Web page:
Picture a bathtub with water representing the combined money and assets owned by citizens in a bathtub – and the top layer is liquid. That is the money we use to pay our bills every month. This money goes to corporations as bills paid, to government as taxes, and municipalities as taxes and charges for services.
Every month, the money returns to citizens in the form of wages and benefits from the same organisations.
The model shows some things clearly:
- It is possible to control the flow of money by adding constraints like taxes and fees (the triangular symbols in the diagram).
- It is the speed of circulation of money as well as distribution that affect the performance of the economy. If money stays in one place too long, or accumulates (for example with a government surplus) the system breaks down – citizens cannot pay their bills and rich people’s factories turn out goods no-one has money to buy.
- Everything in the economy is people and the big bathtub. People own corporations and people are represented by government. It is all people controlled.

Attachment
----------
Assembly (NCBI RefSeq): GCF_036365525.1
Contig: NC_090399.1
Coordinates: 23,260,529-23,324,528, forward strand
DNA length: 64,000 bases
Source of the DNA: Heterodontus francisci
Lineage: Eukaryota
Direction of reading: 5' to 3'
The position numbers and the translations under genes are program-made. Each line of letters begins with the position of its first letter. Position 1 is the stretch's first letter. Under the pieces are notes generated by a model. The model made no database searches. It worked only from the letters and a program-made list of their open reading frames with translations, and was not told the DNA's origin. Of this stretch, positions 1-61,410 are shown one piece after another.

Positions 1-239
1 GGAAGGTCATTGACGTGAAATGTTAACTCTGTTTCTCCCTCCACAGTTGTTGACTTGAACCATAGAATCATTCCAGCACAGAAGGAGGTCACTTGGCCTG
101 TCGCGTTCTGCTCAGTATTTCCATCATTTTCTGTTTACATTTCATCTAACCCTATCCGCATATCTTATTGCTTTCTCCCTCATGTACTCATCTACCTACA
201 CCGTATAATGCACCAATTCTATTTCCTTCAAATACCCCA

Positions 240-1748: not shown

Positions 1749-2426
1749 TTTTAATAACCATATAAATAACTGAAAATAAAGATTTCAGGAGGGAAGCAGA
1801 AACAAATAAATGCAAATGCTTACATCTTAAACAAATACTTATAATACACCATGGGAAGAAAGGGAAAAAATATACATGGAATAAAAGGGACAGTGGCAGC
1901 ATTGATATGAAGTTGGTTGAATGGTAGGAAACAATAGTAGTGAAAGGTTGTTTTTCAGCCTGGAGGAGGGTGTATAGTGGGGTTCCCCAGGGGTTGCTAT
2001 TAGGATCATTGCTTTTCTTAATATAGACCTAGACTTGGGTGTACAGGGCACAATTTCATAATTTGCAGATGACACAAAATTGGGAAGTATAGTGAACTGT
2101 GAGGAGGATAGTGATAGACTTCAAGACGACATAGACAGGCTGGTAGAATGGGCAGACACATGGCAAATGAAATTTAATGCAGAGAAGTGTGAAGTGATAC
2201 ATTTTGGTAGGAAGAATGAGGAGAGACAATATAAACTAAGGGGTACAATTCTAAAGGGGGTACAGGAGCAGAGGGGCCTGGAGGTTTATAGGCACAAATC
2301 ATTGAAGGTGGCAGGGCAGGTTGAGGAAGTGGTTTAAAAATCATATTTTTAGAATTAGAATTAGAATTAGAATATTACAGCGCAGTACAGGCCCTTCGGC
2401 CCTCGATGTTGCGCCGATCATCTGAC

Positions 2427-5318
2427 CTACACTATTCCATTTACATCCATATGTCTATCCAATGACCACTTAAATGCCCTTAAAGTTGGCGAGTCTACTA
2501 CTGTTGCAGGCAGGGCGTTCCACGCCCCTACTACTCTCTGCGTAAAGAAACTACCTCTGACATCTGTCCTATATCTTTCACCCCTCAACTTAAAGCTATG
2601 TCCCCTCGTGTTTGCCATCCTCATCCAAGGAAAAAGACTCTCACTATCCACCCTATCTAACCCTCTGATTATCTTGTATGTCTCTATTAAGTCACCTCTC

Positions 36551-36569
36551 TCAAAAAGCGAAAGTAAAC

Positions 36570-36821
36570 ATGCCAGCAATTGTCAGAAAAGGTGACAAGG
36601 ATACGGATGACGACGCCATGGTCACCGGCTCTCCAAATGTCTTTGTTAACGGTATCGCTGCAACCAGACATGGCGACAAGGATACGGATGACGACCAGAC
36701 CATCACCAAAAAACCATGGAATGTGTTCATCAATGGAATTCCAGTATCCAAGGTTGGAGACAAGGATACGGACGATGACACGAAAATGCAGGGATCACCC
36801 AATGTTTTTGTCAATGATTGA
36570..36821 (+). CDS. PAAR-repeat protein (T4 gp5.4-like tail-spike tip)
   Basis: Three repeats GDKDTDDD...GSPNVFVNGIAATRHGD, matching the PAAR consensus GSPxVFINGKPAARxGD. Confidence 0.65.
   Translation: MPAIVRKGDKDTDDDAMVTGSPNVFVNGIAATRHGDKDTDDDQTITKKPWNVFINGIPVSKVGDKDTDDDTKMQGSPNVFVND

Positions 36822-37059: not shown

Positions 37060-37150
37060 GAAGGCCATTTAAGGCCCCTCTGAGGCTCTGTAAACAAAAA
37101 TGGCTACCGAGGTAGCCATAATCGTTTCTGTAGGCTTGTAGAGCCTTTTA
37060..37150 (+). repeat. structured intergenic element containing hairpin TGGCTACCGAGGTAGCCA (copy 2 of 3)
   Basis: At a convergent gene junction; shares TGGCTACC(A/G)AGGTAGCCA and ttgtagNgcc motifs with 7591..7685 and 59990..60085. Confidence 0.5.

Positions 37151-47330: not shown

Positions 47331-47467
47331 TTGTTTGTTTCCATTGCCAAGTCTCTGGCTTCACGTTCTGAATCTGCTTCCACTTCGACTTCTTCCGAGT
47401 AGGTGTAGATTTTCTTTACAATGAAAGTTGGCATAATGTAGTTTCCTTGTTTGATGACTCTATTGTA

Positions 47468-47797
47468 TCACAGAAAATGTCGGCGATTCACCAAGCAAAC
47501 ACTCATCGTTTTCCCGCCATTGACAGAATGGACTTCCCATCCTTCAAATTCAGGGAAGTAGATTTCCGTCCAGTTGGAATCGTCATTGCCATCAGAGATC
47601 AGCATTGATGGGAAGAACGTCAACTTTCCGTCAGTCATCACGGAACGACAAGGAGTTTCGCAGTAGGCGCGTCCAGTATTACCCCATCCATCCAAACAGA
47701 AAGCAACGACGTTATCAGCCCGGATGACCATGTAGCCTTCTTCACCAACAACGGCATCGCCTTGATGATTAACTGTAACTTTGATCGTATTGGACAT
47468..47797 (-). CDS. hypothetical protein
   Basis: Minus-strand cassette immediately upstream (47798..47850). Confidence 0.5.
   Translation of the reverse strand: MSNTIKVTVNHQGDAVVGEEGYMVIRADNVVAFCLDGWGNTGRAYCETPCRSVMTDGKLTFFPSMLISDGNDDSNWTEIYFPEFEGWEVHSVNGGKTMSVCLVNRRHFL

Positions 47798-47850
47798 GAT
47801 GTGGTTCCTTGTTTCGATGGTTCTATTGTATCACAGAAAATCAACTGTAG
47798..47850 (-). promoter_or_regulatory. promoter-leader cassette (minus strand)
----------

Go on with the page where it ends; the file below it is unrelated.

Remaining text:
- As long as people have money to buy stuff the system turns over.
Putting nature into the model
In doughnut terms, people need to have enough to buy what they need. But that is the easy part of the doughnut. I guess people will wonder about jobs and the environment. What is the point of the job you have if it is killing the planet – where are the green jobs? To answer this we need to ask where nature comes into the bathtub model. – Well, that is a tricky thing because you can see from the diagram that money is just circling around and nature does not seem to be involved. Nature is involved in fact in what we call the first invoice. The first invoice is the one that nature does not send but where the firm extracts or harvests something from nature (energy, vegetables, wood, metals etc) and sells it on.
And then there is the last invoice – where the material leaves the economy and never circulates in it again. Some things end up as landfill – where citizens pay a service to cart away their rubbish.